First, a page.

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135 Sources of streptococcal bacteraemia and their implications for the diagnosis of infective endocarditis
  1. Louis Baig,
  2. Mirza Wazir Baig,
  3. Jonathan Sandoe
  1. Leeds Teaching Hospital Trusts

Abstract

Introduction The diagnosis of infective endocarditis (IE) is dependent on the detection of a sustained bacteraemia with multiple positive blood cultures being major criteria in the Duke nosology for IE. The interpretation of a single positive blood culture growing pathogens that could cause IE, but that do not fulfil major Duke criteria, is a common diagnostic difficulty in patients with a febrile illness. This study was designed to examine the clinical outcomes in patients with streptococcal bacteraemias and to determine the proportion of these with a final diagnosis of IE.

Methods This was a retrospective descriptive analysis of patients with streptococcal bacteraemias between September-December 2012. IE was confirmed by a Consultant Microbiologist (JS) using the modified Duke criteria. The variables recorded were age, gender, number of blood cultures taken and the final diagnosis stated in the discharge summary.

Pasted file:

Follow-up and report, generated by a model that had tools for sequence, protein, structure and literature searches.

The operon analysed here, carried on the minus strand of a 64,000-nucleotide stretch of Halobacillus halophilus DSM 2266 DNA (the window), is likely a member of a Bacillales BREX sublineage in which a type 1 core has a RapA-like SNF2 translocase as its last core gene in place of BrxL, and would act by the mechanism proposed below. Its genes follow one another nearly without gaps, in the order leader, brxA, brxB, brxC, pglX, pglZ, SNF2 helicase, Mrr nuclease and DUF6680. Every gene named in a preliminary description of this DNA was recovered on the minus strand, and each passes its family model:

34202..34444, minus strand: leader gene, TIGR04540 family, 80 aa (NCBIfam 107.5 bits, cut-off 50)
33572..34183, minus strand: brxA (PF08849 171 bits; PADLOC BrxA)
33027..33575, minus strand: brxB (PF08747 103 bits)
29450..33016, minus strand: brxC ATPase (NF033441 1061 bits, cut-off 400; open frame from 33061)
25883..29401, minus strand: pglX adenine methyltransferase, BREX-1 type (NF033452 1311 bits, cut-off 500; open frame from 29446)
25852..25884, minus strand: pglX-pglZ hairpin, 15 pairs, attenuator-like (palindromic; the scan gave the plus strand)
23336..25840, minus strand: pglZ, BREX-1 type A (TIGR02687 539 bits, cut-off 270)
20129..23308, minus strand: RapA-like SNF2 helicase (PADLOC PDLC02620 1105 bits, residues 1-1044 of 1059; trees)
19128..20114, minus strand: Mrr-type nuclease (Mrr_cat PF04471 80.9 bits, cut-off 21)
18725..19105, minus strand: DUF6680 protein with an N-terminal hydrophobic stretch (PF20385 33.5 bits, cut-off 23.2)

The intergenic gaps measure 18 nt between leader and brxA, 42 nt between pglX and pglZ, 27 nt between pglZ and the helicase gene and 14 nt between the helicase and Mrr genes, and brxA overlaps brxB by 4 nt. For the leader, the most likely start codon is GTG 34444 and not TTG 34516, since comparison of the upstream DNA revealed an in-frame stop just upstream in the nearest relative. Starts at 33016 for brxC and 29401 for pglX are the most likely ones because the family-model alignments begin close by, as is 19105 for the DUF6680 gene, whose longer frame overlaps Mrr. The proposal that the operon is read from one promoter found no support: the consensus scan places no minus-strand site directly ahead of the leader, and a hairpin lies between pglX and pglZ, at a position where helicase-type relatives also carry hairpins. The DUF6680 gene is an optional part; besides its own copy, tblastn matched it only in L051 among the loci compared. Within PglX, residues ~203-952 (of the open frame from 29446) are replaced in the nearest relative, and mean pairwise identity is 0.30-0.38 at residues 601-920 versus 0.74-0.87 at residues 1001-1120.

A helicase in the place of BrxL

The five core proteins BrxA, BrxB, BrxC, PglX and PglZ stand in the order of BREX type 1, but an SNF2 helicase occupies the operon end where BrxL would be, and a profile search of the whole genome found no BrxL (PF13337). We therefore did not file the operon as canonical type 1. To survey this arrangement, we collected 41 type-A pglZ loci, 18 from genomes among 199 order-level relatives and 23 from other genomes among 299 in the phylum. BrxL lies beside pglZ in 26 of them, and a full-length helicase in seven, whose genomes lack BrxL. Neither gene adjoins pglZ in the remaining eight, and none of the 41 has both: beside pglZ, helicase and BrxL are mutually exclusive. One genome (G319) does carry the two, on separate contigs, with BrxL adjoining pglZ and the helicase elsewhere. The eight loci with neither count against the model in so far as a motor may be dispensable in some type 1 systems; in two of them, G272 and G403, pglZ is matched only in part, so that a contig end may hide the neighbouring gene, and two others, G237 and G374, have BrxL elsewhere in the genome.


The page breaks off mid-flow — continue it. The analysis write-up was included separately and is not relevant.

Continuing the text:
Results 112 episodes were identified in 72 females and 40 males (mean age 40 years, range<1–97). The mean number of blood cultures was 2.57 (range1-12) and 85 (76%) patients had only one blood culture taken. The infections recorded are shown in Figure 1. The cause of the bacteraemia was not stated in 33 (29.5%) cases. Community acquired pneumonia (n=31) was the commonest infection, followed by catheter-related bloodstream infection (n=8) and then IE and soft-tissue infection (both n=7). Details of the streptococcal species are shown in Table 1 and the results have been divided using age less than or greater than 18 years. 50% of bacteraemias were caused by oral streptococci. IE was confirmed in only 7 (1.2%).

Conclusions Among all streptococcal bacteraemias, IE is an uncommon cause but is more common when considering oral streptococci in adults (12.5%) compared with those aged less than 18 years (0%). Oral streptococci remain an important cause of IE particularly in adults. This diagnosis should be considered even if only one blood culture is taken and is positive. The high rate of single blood culture sampling (76%) may be an unintended consequence of the Surviving Sepsis campaign and the drive to initiating empirical antibiotic therapy earlier. Under these circumstances the reliability of the Duke criteria will be reduced. Ideally, patients at increased risk of IE require multiple blood cultures if they have a significant pyrexial illness in order to determine if a sustained bacteraemia is present.

  • endocarditis
  • bacteraemia
  • sepsis

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